Conclusions

Vagus nerve stimulation should be considered in patients with medically refractory PTE who are not good candidates for resection. A controlled prospective trial is necessary to further examine seizure outcomes as well as neuropsychological outcomes after VNS therapy in patients with intractable PTE.

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Dario J. Englot, David Ouyang, Doris D. Wang, John D. Rolston, Paul A. Garcia and Edward F. Chang

Object

Epilepsy surgery remains significantly underutilized. The authors recently reported that the number of lobectomies for localized intractable epilepsy in the US has not changed despite the implementation of clear evidence-based guidelines 10 years ago supporting early referral for surgery. To better understand why epilepsy surgery continues to be underused, the authors' objective was to carefully examine hospital-related factors related to the following: 1) where patients are being admitted for the evaluation of epilepsy, 2) rates of utilization for surgery across hospitals, and 3) perioperative morbidity between hospitals with low versus high volumes of epilepsy surgery.

Methods

The authors performed a population-based cohort study of US hospitals between 1990 and 2008 using the Nationwide Inpatient Sample (NIS), stratifying epilepsy surgery rates and trends as well as perioperative morbidity rates by hospital surgical volume.

Results

The number of lobectomies for epilepsy performed at high-volume centers (> 15 lobectomies/year) significantly decreased between 1990 and 2008 (F = 20.4, p < 0.001), while significantly more procedures were performed at middle-volume hospitals (5–15 lobectomies/year) over time (F = 16.1, p < 0.001). No time trend was observed for hospitals performing fewer than 5 procedures per year. However, patients admitted to high-volume centers were significantly more likely to receive lobectomy than those at low-volume hospitals (relative risk 1.05, 95% CI 1.03–1.08, p < 0.001). Also, the incidence of perioperative adverse events was significantly higher at low-volume hospitals (12.9%) than at high-volume centers (6.1%) (relative risk 1.08, 95% CI 1.03–1.07, p < 0.001).

Conclusions

Hospital volume is an important predictor of epilepsy surgery utilization and perioperative morbidity. Patients with medically refractory epilepsy should be referred to a comprehensive epilepsy treatment center for surgical evaluation by an experienced clinical team.

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Dario J. Englot, John D. Rolston, Doris D. Wang, Peter P. Sun, Edward F. Chang and Kurtis I. Auguste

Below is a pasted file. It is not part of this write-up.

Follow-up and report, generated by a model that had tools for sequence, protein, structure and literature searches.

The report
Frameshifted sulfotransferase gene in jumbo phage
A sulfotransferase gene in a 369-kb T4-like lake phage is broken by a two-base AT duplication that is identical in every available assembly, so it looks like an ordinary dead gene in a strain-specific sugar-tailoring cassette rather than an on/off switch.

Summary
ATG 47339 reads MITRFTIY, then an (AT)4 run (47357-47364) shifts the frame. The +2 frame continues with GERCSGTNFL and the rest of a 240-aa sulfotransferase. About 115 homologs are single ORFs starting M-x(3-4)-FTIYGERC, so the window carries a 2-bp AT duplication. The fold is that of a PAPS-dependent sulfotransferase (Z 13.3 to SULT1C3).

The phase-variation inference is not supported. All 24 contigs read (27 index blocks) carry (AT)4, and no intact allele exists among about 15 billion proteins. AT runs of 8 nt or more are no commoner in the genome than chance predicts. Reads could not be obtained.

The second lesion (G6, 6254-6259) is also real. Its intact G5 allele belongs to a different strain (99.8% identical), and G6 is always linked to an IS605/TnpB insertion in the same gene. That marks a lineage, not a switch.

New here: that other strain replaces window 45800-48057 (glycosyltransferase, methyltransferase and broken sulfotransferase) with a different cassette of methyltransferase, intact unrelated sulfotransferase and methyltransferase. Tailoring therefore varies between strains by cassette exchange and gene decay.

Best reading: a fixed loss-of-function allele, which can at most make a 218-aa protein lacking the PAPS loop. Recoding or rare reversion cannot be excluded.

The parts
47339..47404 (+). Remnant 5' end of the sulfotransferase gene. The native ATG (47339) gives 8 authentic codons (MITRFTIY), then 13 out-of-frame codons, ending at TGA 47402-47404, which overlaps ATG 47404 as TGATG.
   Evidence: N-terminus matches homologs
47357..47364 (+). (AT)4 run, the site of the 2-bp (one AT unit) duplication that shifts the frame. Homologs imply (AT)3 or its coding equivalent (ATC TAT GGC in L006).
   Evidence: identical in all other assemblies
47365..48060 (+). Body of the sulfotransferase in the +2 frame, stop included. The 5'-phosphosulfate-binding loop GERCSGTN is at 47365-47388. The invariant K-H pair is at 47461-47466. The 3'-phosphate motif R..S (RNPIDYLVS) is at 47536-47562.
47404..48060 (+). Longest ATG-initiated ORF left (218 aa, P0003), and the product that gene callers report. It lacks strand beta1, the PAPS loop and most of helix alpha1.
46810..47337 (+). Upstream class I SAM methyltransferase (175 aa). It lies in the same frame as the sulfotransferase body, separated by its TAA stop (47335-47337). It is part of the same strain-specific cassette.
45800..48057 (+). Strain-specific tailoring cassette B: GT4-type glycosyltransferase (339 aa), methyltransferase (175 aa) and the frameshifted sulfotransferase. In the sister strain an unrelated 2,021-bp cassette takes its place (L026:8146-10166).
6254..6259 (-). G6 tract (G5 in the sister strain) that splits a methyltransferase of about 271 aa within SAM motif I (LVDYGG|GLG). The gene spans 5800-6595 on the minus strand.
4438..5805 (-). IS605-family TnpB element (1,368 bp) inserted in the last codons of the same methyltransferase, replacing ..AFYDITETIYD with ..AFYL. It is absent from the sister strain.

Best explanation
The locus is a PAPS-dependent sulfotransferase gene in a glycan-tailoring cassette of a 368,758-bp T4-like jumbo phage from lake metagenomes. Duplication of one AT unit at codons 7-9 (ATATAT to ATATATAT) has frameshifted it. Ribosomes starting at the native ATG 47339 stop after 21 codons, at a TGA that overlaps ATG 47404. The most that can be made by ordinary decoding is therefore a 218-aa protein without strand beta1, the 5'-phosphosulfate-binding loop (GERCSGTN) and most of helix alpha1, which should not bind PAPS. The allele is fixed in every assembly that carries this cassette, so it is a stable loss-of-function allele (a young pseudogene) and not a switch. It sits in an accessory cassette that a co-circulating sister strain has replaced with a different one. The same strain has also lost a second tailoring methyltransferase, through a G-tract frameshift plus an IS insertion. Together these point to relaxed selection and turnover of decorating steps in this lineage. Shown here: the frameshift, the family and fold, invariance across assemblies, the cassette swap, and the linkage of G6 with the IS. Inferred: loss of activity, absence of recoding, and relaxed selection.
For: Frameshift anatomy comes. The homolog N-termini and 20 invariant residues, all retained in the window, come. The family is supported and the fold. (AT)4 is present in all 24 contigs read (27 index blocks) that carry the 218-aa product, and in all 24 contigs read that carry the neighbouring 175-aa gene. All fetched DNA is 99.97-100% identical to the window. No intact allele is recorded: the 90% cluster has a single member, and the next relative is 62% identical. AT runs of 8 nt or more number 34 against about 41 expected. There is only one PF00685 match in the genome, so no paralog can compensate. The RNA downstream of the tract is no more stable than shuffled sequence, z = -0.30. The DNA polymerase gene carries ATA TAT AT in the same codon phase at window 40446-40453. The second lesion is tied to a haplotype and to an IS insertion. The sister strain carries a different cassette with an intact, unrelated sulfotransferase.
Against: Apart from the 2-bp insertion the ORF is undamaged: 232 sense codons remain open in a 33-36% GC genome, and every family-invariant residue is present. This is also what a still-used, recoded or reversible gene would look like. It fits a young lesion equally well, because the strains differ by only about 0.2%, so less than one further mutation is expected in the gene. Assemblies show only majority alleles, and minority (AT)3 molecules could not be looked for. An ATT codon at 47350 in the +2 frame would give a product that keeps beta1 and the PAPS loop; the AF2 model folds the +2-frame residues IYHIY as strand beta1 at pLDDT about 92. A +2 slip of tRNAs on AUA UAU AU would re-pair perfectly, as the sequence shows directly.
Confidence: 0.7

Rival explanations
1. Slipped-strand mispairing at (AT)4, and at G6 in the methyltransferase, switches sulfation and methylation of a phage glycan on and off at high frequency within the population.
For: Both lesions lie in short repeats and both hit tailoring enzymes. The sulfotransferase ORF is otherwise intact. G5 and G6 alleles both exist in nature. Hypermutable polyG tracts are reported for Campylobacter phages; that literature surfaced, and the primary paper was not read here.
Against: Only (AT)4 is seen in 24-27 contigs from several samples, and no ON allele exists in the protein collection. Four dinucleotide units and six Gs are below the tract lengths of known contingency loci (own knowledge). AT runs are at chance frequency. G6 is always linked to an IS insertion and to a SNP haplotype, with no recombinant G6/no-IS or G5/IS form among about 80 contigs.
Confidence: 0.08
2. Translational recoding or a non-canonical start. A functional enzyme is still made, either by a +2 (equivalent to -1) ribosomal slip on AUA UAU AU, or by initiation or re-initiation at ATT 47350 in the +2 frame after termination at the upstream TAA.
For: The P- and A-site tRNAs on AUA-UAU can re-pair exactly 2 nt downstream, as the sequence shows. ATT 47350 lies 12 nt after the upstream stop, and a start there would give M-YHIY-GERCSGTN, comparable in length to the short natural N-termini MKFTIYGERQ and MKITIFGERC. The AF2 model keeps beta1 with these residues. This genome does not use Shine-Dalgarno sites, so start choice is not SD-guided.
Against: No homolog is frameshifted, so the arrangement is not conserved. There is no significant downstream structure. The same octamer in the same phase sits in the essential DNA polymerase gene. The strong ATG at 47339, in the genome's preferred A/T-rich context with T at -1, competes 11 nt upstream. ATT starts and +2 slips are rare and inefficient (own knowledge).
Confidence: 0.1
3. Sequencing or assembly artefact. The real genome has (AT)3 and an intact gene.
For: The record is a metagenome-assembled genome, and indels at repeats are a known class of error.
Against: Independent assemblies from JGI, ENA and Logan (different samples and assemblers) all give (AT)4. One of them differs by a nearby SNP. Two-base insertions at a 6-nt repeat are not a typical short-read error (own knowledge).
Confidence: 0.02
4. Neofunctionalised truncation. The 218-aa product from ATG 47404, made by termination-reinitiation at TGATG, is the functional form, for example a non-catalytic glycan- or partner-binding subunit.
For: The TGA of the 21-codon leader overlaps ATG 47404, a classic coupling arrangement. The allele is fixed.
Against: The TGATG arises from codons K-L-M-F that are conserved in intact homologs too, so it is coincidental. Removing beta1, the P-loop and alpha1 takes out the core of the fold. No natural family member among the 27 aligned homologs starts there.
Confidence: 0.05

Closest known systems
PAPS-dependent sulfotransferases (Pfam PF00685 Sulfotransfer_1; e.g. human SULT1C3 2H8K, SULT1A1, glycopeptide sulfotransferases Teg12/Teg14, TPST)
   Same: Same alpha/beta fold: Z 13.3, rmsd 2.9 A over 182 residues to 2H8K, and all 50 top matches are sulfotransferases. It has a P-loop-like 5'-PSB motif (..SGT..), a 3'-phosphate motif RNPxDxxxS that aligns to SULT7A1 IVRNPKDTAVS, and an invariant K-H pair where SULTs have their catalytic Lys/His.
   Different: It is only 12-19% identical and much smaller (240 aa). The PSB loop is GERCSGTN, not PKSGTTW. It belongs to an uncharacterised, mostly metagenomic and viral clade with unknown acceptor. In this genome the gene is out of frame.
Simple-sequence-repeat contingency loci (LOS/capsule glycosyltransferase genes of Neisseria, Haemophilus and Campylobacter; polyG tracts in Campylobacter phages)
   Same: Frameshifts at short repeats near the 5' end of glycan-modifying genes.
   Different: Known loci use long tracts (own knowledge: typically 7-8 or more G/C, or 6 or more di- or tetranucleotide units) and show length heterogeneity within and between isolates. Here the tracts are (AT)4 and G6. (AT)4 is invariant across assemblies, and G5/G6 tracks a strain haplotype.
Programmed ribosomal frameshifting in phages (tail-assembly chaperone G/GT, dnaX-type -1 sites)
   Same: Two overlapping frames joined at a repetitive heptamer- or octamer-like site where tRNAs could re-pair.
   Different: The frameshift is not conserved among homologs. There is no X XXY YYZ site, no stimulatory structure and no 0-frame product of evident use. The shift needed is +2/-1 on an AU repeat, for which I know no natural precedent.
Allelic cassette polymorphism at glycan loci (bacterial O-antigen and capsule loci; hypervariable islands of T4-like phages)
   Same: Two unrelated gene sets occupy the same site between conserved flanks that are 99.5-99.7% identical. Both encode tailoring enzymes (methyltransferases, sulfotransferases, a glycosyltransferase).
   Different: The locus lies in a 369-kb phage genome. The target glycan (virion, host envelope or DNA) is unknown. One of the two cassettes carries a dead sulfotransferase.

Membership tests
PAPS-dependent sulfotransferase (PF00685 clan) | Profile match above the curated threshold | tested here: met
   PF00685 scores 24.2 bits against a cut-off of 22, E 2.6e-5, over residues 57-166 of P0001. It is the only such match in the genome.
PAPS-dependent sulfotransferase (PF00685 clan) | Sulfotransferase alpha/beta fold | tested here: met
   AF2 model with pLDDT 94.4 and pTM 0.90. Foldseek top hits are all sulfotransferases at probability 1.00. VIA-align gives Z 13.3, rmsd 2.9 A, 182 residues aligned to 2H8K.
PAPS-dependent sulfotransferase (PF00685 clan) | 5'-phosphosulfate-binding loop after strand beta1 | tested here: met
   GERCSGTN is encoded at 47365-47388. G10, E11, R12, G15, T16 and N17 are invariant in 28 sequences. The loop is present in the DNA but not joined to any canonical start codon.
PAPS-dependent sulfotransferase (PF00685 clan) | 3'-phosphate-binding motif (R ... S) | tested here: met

Temporal lobe epilepsy (TLE) is the most common form of epilepsy in adults and is responsible for 15%–20% of epilepsy cases in children. Class I evidence strongly supports the use of temporal lobectomy for intractable TLE in adults, but fewer studies have examined seizure outcomes and predictors of seizure freedom after temporal lobectomy in pediatric patients. The authors performed a systematic review and meta-analysis of studies including 10 or more pediatric patients (age ≤ 19 years) published over the last 20 years examining seizure outcomes after temporal lobectomy for TLE. Thirty-six studies met their inclusion criteria. These 36 studies included 1318 pediatric patients with a mean age (± SEM) of 10.7 ± 0.3 years. Overall, seizure freedom (Engel Class I outcome) was achieved in 1002 cases (76%); 316 patients (24%) continued to have seizures (Engel Class II–IV outcome). All patients had at least 1 year of follow-up. Statistically significant predictors of seizure freedom after surgery included lesional epilepsy etiology (odds ratio [OR] 1.08, 95% confidence interval [CI] 1.02–1.15), abnormal findings on preoperative MRI (OR 1.27, 95% CI 1.16–1.40), and lack of generalized seizures (OR 1.36, 95% CI 1.20–1.56). Among lesional epilepsy cases, there was a trend toward better outcome with gross-total lesionectomy than with subtotal resection. Approximately three-fourths of pediatric patients with TLE attain seizure freedom after temporal lobectomy. Favorable outcomes may be predicted by lesional epilepsy etiology, abnormal MRI, and lack of generalized seizures. Pediatric patients with medically refractory TLE should be referred to a comprehensive pediatric epilepsy center for surgical evaluation.